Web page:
DLP Insights

Publishing employee assessments on the company notice board is considered unlawful data processing

Categories: DLP Insights, Case Law | Tag: Data Protection Authority, GDPR

23 Jun 2022

Following a report by a group of worker-members of a cooperative, the Data Protection Authority (“Garante”) established the unlawfulness of certain processing operations carried out through the publication of information on the assessment of their work, on the company notice board.

As part of a “contest with prizes for worker-members, entitled “Guardiamoci in faccia…soci!” (Let’s look at each other…members!) to incentivise the most deserving members and […] discouraging inefficiencies”, the cooperative used to share the recipients’ assessment on a weekly basis using emoticons accompanied by summary evaluations (such as, “absenteeism”, “sickness simulation”) placed next to the image and name of each employee. This information was visible not only to the worker concerned but anyone who accessed the premises where the company notice board was placed, including external persons occasionally present on the premises, and provided a cash reward for the first three winners.

Inspections carried out by the Data Protection authority established the processing illegitimacy for violation of the fundamental principles of lawfulness, correctness, transparency and data minimisation. The Authority confirmed that the employer may lawfully process the information necessary and pertinent to the management of the employment relationship – including the data necessary to carry out an assessment of the work performance or exercise disciplinary power (in the manner and within the limits provided for by the sector’s regulations). However, the authority noted that the systematic provision of such information by posting it on the notice board allowed the processing of data to persons (such as other colleagues or third parties) who are not entitled to know information on disciplinary assessments and remarks.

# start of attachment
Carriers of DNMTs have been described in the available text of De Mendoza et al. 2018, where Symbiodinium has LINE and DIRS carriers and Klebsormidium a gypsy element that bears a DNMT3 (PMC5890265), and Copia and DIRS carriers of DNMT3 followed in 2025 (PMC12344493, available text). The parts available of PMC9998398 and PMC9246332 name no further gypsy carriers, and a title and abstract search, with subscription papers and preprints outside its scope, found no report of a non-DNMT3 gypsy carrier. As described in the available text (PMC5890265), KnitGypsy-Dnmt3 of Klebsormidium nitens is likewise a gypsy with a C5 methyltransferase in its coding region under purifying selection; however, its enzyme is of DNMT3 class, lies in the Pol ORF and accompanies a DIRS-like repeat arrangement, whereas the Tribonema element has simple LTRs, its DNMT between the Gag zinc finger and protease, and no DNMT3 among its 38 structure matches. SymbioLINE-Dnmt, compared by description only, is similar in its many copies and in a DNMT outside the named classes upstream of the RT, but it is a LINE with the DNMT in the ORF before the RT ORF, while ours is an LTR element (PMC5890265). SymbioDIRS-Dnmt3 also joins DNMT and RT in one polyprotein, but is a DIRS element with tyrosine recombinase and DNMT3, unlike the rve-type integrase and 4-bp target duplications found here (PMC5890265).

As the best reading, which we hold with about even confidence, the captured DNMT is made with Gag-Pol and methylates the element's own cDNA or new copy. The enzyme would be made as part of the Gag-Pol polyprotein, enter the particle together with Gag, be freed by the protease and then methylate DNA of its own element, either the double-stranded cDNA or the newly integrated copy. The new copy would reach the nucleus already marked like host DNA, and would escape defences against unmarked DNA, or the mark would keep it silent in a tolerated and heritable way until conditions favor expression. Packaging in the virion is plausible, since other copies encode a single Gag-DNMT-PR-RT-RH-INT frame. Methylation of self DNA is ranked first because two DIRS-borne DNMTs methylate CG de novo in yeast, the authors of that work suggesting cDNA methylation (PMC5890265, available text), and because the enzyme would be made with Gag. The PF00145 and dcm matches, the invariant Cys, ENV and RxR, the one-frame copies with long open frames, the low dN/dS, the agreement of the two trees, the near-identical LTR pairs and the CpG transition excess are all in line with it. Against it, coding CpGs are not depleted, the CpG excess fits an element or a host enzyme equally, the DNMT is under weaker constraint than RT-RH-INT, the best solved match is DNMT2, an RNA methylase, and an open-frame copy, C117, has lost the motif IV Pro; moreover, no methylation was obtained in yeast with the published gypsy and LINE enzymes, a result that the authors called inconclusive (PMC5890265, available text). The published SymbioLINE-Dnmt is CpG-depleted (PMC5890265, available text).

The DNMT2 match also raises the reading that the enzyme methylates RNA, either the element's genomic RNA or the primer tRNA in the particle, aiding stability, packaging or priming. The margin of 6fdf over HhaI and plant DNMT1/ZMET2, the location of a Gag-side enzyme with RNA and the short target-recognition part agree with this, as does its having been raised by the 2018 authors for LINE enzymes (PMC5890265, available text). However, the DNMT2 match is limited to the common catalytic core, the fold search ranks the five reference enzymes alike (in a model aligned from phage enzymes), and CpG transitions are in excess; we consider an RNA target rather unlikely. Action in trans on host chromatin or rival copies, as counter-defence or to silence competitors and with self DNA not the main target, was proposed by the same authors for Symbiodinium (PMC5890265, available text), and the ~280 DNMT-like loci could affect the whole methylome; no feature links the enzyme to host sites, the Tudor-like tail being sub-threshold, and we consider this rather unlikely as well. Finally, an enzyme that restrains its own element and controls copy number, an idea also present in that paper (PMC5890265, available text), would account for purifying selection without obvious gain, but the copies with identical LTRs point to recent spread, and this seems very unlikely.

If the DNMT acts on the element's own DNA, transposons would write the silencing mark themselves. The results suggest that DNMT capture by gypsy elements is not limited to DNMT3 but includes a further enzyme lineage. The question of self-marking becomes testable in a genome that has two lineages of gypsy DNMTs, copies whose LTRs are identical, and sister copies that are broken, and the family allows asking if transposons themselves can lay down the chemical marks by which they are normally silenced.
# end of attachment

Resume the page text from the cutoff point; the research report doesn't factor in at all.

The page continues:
In addition, the Authority confirmed that the collection of consent, in circumstances such as this case, cannot be considered a legal basis for legitimising the processing of personal data. This is because the disproportionateness between the employment relationship parties cannot presuppose consent given expressly, freely and specifically and referring to an identified processing. The consent given at the time of the approval of the members’ resolution, as claimed by the company, is “functionally different” from the consent to the processing carried out by the company for the assessment of the members’ actions.

For these reasons, the Authority confirmed that “[…] continuously submitting the assessments on the quality of the work carried out or on the performance correctness to the observation of colleagues, even if it is part of a public competition” infringes the workers’ personal dignity, freedom and privacy.


The company appealed against the Authority’s decision first to the local court and then the Court of Cassation. In ruling no. 17911/2022, published on 1 June, the Court of Cassation rejected the appeal – confirming the Data Protection Authority’s arguments – and confirmed the principle according to which “the processing legitimacy presupposes a valid consent given expressly, freely and specifically, with reference to a clearly identified processing operation; this general principle is relevant and prevails in every relationship.”

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